From the moment I saw the range of silk ribbons available and then started to learn and experiment with the technique – I fell in love. It is a beautiful technique and some of the simplest embroidery stitches really come to life when stitched with ribbons. Ribbons are a little unpredictable; they crease and fold, and this movement gives them a life you do not get with other threads. A lot of the stitches used are simple – something you can pick up quickly and put to many uses, which is hugely important to me. Our lives are so busy now, having twenty minutes to sit and stitch for most people is a huge luxury. In ribbon embroidery, after a little practice, twenty minutes is enough time to produce something that is effective and very pretty.
When first viewed from the eyes of a beginner in ribbonwork, stitches look complicated, but when they are broken down, most are very simple. These simple stitches are very versatile. Ribbon embroidery can be added to other techniques; as the result is often slightly raised, it is very effective in adding dimension to a piece of work. It is rarely worked completely on its own, as you get a better effect when additional surface stitches are added. This helps to add details that you are not always able to achieve with ribbons due to the size of the ribbon. Traditionally, ribbon embroidery designs are floral, as ribbons lend themselves to portraying petals/leaves and flowers. Floral designs are still very popular, but more contemporary designs are now appearing. I like to experiment with other techniques, and use them in places where you would not expect to see ribbon.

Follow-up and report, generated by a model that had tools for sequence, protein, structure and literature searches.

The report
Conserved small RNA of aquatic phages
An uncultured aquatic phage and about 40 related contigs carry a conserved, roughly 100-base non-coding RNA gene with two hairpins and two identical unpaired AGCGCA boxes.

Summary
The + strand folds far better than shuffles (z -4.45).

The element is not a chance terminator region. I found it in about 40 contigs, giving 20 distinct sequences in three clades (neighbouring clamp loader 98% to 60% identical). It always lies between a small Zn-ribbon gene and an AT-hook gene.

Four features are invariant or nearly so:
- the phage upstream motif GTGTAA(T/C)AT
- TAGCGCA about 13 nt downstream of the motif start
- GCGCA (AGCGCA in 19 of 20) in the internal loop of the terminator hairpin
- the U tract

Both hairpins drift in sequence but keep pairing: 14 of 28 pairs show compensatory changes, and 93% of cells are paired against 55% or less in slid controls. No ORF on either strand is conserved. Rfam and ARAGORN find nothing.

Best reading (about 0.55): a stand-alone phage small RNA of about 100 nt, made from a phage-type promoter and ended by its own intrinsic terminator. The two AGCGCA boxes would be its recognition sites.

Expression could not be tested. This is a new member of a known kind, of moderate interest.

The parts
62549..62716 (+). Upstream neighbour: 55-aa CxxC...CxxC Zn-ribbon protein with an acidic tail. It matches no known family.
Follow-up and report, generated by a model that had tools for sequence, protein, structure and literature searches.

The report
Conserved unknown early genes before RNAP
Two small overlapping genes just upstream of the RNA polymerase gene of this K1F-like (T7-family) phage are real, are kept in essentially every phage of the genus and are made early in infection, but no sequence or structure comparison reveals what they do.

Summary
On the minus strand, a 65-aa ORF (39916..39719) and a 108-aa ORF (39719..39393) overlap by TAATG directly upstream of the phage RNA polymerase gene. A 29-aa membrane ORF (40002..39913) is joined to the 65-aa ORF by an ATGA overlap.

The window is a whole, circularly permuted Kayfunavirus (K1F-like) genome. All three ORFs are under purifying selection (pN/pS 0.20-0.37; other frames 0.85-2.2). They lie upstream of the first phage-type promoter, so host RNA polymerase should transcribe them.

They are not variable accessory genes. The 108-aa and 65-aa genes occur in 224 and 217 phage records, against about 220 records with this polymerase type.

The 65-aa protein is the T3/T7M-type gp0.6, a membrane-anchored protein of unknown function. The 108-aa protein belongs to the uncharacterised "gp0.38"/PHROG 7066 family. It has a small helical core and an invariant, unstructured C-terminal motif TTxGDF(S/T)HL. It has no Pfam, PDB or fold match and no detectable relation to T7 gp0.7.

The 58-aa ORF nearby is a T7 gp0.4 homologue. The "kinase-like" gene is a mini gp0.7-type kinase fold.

Ribbon embroidery really is a simple technique. Having said that, some stitches and techniques are simpler than others. If you are struggling to master a stitch, use a wider ribbon as it is often the fiddly nature of a narrow ribbon rather than technical difficulty of a stitch that is causing the problem. It really is that simple. Ribbon embroidery is a very forgiving technique. With floral designs in particular, you also have the advantage of using ‘nature’ as the perfect excuse as to why not all of the petals are the same shape or size.
Designs can vary from the majority being worked in ribbons to those that have just an accent of ribbon. There are very few rules, making it a fun technique to explore. It is also worth bearing in mind that a little ribbon can go a long way. By adding a few simple ribbonwork stitches, pieces can really come to life. So think small to start with – less is sometimes more. But just to warn you: ribbon embroidery, like all embroidery, is very addictive and once you have started, it is very hard to know when to stop.
This book will take you through a large number of ribbon embroidery techniques and stitches. It will also guide you through some additional stitches and techniques that I feel work well with ribbon embroidery. This is from my own experience and I hope that you feel free to try out different things as you go. I hope this book inspires you to think ‘oh what about…’ as that is my job – to inspire you to pick up a piece of ribbon and play. See what happens. Ribbon embroidery is very free, and there are very few rules.